The Craig Case: No Winners

July 06, 1991

The decision Tuesday by Howard County prosecutors not to pursue a retrial of sexual child abuse charges against former day school owner Sandra A. Craig presumably clears the docket of this long-troublesome case. But frustratingly, it leaves the community with only some lessons -- not comprehension -- about whatever happened five years ago at Craig Country Day School in Clarksville.

Cases against Mrs. Craig and her son stand closed because prosecutors felt that without testimony from children who were osaid to be abused they could not successfully pursue the matter. Understandably, virtually all the parents involved have opted not to subject their children to more of the criminal justice system's grindings. Their children are older, but still children. Would the risks of reopening old wounds be worthwhile?

Unfortunately, the basic issues in this matter of whether pre-school age children suffered sexual abuse and who was responsible have been skirted. Prosecutors and a judge pursued closed-circuit television interviews with the children on sensitive matters essential to the charges, commendably intending to protect the children as much as possible in this sordid matter. But use of this new methodology gave Mrs. Craig's lawyers an opening to argue successfully -- all the way to the Supreme Court -- that she was denied a fair trial in having been convicted of sexually and physically abusing a 6-year-old. The case against her son, Jamal, never even went to trial. That's the way the legal system works sometimes.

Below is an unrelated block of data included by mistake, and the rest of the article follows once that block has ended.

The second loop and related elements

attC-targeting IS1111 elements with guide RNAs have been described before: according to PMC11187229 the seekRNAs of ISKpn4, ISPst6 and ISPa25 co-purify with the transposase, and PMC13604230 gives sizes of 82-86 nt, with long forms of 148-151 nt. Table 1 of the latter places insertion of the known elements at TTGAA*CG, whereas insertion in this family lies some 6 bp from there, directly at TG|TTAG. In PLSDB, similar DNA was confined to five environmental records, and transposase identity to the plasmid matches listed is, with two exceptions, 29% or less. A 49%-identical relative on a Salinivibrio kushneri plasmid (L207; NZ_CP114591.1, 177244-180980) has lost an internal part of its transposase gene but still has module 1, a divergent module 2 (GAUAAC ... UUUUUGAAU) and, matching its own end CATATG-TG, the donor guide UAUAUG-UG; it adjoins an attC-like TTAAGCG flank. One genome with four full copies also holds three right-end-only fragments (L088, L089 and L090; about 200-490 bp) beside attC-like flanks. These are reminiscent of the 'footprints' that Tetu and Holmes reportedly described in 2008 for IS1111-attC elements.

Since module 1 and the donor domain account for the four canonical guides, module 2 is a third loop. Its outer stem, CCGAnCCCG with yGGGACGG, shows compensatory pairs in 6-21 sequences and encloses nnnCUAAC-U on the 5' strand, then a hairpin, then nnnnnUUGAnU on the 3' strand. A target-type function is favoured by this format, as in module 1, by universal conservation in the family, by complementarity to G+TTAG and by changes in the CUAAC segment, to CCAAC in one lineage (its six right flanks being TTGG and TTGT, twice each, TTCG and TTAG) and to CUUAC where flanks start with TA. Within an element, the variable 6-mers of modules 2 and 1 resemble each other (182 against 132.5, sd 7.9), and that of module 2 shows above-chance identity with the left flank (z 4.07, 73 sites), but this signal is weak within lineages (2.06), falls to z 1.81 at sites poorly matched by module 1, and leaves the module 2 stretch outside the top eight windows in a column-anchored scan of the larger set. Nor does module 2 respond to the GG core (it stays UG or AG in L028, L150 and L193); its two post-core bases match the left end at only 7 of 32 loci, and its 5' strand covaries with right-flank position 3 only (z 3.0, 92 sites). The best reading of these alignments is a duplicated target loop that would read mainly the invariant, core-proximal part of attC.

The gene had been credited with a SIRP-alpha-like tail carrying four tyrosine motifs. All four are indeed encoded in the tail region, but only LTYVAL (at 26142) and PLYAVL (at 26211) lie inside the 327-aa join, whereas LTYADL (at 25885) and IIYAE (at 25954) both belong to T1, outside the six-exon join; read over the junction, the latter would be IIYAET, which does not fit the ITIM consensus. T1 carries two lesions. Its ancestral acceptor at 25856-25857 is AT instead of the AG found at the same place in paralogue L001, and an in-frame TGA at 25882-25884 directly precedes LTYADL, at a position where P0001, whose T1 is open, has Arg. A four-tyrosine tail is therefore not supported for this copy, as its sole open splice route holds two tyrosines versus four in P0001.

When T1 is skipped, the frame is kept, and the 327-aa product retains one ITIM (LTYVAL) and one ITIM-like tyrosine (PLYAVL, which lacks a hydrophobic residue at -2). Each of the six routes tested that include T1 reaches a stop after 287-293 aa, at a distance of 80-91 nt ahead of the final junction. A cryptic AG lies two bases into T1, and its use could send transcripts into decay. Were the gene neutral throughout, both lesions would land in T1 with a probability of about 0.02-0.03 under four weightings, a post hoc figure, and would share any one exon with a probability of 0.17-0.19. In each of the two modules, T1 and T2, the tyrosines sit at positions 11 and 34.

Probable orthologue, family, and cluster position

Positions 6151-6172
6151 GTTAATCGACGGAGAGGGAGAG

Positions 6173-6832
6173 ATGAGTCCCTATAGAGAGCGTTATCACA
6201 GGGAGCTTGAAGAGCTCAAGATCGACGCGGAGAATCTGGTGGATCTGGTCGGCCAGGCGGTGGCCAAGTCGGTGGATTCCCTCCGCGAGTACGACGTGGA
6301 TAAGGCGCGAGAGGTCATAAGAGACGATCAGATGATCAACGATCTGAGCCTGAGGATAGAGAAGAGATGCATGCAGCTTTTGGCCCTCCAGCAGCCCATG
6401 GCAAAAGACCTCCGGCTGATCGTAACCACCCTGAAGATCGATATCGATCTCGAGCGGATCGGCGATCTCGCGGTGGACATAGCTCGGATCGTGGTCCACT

Mrs. Craig claimed victory last week. Now living in New Jersey and unemployed, she is free to go on rebuilding her life, which no doubt has been devastated. But like other abuse cases elsewhere involving children, this whole tragedy -- that is the correct word -- yields no winners.

One emphatic lesson this case teaches is that entrusting very young children to the care of others, so prevalent in society today, does not relieve parents of unrelenting vigilance in assuring their children's well-being. Another is that authorities need to react immediately, thoroughly and in a coordinated manner when allegations such as those that began this case long ago are leveled; that did not happen here, although presumably such procedures have already been improved. Perhaps the stickiest lesson of all is that we need to perfect ways of dealing more knowledgeably with young children who have been wronged but lack the capacity to understand and cope.

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